Sunday, February 17, 2008

You've come a long way, baby

By Libby

Following up on a cranky post I did at Newshoggers yesterday, the title of this post was once a slogan for a cigarette targeted at women, Virginia Slims. It was an ad campaign created at a time when the battle for women's rights was peaking and we were just breaking the chains of prescribed expectations. It looks pretty sexist today but it was kind of a breaktrough then. At that time women were still expected to go to college to 'catch' a good husband and then settle down and become good little homemakers who produced the requisite 2.5 children. 'Good girls' didn't use their education to pursue careers and if they worked, it was with few exceptions, only in subordinate roles within a male dominated hierarchy.

As the slogan said, we've come a long way since we burned our bras and stopped hiding our sexuality and our smarts, but we haven't exactly shattered the glass ceiling yet. So I'm sympathetic to the argument that electing a woman president might help blast that thing into smithereens. However, I don't think complaining about it is useful anymore.

BTD posted a long letter from some very prominent feminists in support of Clinton today. It was really well written but I think they should have cut this graf.
How many of us have heard brilliant and resourceful women in the workplace dismissed or devalued for “detail-orientation” in contrast to a man’s supposed “big picture” scope? How many of us have seen what, in a man, would be called “peerless mastery,” get called, in a woman’s case, “narrowness”? How many women have we known—truly gifted workers, professionals, and administrators—who have been criticized for their reserve and down-to-earth way of speaking? Whose commanding style, seriousness, and get-to-work style are criticized as “cold” and insufficiently “likable”? These prejudices have been scandalously present in this campaign.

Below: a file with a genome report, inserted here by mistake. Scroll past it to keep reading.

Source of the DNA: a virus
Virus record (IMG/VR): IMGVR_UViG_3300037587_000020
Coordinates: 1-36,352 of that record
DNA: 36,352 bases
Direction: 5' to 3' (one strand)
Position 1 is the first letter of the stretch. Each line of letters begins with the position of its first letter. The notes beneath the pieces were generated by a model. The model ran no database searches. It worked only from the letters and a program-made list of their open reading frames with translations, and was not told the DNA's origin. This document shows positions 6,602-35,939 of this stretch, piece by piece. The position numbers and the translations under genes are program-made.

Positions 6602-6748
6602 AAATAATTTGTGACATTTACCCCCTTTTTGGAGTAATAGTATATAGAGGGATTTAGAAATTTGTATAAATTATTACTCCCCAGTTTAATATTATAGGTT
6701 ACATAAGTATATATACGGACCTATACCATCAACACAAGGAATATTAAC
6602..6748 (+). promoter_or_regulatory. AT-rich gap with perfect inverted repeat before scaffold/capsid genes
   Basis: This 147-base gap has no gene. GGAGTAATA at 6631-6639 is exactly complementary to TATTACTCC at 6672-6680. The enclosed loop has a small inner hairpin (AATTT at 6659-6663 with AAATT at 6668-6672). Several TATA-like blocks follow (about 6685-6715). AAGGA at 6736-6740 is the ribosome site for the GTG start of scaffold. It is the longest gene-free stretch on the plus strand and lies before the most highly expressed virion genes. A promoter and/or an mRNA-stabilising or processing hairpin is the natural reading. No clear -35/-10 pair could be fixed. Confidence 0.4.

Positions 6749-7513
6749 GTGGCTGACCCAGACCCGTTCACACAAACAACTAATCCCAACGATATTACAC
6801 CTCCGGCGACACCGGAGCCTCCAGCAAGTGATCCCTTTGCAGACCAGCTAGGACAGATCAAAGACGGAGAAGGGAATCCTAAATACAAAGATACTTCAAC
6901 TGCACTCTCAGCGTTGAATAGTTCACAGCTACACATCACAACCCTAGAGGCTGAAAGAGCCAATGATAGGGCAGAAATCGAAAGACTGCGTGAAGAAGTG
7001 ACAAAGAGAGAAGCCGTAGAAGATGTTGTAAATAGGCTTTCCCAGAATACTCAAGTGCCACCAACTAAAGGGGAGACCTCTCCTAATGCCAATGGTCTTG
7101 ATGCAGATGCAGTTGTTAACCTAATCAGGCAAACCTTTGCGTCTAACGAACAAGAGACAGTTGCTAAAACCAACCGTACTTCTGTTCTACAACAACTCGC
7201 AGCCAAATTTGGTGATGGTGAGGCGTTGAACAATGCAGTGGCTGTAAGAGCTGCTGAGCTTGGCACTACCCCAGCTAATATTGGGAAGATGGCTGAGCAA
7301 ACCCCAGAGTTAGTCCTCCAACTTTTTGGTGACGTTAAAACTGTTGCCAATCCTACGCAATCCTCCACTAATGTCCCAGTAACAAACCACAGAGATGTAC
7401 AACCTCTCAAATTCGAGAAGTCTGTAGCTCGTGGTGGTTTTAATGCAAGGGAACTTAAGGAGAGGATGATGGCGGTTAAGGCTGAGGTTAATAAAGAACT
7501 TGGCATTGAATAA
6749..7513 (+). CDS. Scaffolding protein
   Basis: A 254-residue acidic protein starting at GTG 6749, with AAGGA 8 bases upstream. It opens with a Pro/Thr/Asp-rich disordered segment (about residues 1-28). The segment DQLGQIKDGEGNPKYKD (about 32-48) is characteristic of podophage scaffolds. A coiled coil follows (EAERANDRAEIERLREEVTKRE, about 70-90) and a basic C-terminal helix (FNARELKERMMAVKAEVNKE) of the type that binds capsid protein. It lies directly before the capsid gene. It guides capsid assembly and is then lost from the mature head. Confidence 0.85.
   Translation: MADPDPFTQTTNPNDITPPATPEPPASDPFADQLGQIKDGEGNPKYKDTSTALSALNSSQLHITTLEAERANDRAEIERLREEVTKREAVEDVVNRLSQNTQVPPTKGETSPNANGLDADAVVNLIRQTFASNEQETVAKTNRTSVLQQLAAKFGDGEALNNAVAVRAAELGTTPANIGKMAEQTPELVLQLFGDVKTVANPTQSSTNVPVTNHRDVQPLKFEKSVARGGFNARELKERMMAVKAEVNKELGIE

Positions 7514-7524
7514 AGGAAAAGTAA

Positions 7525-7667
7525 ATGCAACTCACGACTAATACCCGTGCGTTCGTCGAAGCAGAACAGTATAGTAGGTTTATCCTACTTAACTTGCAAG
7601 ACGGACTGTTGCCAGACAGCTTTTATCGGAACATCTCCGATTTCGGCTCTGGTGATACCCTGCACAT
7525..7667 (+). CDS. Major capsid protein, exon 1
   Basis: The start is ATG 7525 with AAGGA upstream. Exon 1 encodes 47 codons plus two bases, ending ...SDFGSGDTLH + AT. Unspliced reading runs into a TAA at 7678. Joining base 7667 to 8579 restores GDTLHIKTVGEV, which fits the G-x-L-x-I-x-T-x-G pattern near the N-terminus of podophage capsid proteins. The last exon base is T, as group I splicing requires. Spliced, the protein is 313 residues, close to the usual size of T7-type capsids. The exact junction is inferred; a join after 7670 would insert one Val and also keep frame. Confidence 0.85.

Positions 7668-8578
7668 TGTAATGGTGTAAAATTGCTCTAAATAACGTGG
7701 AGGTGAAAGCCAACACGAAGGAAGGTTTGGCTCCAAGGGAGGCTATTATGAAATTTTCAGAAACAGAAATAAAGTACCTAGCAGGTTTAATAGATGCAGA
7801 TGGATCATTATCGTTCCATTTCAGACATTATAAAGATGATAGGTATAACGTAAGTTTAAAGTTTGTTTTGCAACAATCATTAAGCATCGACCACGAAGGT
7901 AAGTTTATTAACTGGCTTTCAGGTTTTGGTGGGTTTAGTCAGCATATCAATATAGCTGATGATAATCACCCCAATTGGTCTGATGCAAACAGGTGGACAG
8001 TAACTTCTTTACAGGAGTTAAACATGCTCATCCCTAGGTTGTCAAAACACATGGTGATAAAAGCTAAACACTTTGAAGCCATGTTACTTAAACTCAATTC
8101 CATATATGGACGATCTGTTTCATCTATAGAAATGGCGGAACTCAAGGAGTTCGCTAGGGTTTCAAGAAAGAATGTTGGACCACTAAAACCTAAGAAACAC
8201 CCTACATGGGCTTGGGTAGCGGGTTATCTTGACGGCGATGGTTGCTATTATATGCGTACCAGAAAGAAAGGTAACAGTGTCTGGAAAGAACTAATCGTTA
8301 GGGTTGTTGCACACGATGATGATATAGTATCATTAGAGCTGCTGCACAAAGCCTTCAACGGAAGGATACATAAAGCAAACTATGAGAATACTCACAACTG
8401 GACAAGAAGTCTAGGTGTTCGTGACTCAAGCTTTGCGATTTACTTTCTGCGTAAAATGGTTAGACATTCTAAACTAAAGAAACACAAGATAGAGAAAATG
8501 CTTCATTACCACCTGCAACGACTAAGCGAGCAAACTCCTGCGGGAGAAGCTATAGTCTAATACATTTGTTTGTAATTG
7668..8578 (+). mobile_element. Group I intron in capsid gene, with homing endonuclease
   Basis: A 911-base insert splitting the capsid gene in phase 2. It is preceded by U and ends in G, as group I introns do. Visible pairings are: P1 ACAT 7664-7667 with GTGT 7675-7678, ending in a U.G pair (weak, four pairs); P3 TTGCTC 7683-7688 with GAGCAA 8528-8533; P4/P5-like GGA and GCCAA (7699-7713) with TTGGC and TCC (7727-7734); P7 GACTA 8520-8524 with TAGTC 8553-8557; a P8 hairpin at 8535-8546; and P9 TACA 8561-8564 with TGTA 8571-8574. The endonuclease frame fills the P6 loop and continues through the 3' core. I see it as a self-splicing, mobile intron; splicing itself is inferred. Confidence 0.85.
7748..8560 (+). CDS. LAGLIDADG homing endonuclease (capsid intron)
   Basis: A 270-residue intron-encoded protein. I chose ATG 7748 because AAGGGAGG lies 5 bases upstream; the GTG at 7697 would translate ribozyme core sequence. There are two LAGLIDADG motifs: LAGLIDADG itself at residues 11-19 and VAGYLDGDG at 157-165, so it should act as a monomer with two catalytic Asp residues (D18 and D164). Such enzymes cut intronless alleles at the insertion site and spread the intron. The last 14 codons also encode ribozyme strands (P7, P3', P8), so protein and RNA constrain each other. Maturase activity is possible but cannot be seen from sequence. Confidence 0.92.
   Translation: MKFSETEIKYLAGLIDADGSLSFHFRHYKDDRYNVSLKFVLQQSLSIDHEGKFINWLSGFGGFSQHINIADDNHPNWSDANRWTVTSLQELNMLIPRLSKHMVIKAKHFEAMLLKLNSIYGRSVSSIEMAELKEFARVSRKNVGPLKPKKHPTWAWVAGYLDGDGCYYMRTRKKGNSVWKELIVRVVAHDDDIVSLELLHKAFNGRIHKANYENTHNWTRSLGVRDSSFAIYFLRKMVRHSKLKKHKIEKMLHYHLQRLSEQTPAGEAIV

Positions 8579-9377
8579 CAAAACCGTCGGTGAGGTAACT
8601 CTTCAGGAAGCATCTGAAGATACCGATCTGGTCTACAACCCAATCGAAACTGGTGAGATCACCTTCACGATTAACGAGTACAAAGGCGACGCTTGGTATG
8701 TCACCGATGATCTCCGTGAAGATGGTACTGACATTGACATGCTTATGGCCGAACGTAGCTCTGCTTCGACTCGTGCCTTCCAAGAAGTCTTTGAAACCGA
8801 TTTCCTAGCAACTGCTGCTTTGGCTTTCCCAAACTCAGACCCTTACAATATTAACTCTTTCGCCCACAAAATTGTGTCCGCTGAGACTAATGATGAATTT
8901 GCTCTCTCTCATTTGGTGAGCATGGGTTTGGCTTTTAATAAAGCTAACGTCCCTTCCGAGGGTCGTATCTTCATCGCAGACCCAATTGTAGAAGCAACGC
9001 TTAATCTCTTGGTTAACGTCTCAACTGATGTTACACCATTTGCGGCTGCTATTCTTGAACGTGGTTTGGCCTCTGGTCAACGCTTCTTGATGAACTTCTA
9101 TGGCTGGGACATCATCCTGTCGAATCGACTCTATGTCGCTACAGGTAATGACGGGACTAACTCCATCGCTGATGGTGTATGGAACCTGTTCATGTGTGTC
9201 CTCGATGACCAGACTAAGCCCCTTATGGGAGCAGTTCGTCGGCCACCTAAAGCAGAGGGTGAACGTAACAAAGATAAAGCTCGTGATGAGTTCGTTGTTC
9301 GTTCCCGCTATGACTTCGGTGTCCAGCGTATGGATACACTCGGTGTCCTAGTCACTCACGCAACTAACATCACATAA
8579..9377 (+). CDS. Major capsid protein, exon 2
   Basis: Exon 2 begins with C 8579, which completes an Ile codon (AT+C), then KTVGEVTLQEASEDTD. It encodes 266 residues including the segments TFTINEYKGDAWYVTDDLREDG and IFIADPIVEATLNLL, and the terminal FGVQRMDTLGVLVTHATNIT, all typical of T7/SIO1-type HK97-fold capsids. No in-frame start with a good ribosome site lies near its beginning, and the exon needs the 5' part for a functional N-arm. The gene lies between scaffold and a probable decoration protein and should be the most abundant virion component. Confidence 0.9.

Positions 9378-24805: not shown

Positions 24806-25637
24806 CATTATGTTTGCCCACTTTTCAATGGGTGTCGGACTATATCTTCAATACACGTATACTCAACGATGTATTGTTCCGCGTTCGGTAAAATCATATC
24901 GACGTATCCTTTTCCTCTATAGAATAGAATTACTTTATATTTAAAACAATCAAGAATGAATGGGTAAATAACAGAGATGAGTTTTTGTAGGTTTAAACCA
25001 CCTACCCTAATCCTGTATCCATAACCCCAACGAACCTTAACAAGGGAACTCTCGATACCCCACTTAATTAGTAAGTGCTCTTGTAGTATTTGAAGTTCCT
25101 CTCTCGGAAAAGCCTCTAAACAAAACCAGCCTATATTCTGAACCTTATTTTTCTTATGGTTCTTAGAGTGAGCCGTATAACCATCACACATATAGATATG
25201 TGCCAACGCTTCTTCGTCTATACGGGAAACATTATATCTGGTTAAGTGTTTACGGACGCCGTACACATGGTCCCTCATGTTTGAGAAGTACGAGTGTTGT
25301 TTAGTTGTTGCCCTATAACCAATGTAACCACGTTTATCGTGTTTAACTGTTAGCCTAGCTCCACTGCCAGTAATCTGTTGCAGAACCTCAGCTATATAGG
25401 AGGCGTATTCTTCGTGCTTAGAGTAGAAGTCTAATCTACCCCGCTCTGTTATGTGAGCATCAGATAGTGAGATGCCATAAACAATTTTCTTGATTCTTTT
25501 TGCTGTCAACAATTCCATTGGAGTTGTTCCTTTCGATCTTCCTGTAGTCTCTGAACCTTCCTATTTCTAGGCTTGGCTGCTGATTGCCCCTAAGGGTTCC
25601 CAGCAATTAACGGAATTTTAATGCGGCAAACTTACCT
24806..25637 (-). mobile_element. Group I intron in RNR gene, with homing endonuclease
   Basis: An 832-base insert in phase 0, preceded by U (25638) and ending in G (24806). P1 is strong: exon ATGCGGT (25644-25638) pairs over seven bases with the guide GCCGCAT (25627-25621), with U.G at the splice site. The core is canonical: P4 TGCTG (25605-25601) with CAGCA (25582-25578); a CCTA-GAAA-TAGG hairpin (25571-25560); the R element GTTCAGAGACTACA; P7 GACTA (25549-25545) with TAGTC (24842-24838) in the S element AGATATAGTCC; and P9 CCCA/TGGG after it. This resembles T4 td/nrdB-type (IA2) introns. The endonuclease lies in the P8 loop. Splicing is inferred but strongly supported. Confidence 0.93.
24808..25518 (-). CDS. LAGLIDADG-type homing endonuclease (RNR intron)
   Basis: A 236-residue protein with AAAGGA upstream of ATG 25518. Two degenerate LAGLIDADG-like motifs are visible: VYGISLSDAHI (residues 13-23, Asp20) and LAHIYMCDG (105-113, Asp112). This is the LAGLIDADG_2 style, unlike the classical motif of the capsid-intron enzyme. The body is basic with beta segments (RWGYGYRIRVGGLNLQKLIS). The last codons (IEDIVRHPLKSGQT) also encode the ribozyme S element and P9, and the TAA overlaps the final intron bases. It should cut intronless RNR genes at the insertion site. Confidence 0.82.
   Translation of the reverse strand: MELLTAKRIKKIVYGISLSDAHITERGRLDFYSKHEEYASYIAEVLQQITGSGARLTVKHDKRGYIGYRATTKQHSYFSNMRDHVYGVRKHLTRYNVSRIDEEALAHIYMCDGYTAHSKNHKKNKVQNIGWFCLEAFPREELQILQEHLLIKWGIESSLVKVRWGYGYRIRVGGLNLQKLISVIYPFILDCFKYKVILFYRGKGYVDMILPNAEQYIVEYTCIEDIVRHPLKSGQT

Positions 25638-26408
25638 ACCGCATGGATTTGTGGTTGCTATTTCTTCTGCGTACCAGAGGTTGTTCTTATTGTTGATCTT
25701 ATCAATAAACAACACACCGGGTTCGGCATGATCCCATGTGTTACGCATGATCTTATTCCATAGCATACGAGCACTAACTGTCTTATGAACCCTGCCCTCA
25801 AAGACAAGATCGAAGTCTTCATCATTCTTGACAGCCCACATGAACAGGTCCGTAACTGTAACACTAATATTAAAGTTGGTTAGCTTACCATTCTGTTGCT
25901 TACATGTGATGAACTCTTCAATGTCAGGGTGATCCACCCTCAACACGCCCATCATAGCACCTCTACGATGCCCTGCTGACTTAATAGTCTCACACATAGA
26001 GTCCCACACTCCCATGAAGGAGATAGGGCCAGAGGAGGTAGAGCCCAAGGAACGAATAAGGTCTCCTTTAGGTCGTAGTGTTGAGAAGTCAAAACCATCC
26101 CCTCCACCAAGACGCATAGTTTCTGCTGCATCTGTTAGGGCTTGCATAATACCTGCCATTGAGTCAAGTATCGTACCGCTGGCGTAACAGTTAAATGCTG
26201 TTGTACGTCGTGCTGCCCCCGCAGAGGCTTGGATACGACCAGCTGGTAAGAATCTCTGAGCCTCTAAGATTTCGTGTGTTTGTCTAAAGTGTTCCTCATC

Yes, these prejudices still exist but electing Hillary isn't going to magically make them go away in the ordinary workplaces of America and it strikes me that making the case women should vote for Hillary because she's a woman who has suffered from discrimination, is in its own way kind of sexist because it makes gender bias the issue instead of competency. Also, it frames her as a victim instead of a leader.

I would think it more effective to stop complaining and find some way to frame Hill within the context of other strong women who were pioneers in their fields. Something like Hillary -- the Marie Curie of politics. It would certainly be more inspiring than listening to a laundry list of greivances.

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Blogger mikevotes said...

This comment has been removed by the author.

9:39:00 AM  
Blogger mikevotes said...

That's a very interesting point.

But, could you frame Clinton in that way? Would the press let them?

I have a hunch there would be a pushback undercurrent, something like, "she wouldn't even be there if it wasn't for her husband."

Would that allow "a strong woman working against sexism?"

Just thinking out loud.

9:40:00 AM  
Blogger Libby Spencer said...

I don't know Mike. It's just a stray thought and Marie Curie isn't probably the best analogy. But it seems to me finding some kind of positive frame would beat the hell out of whining all the time. She badly needs a slogan of some sort. I am woman, I am strong seems like a better bet than I am woman and I'm a victim.

But yeah, the media is going to smear her no matter what.

1:41:00 PM  

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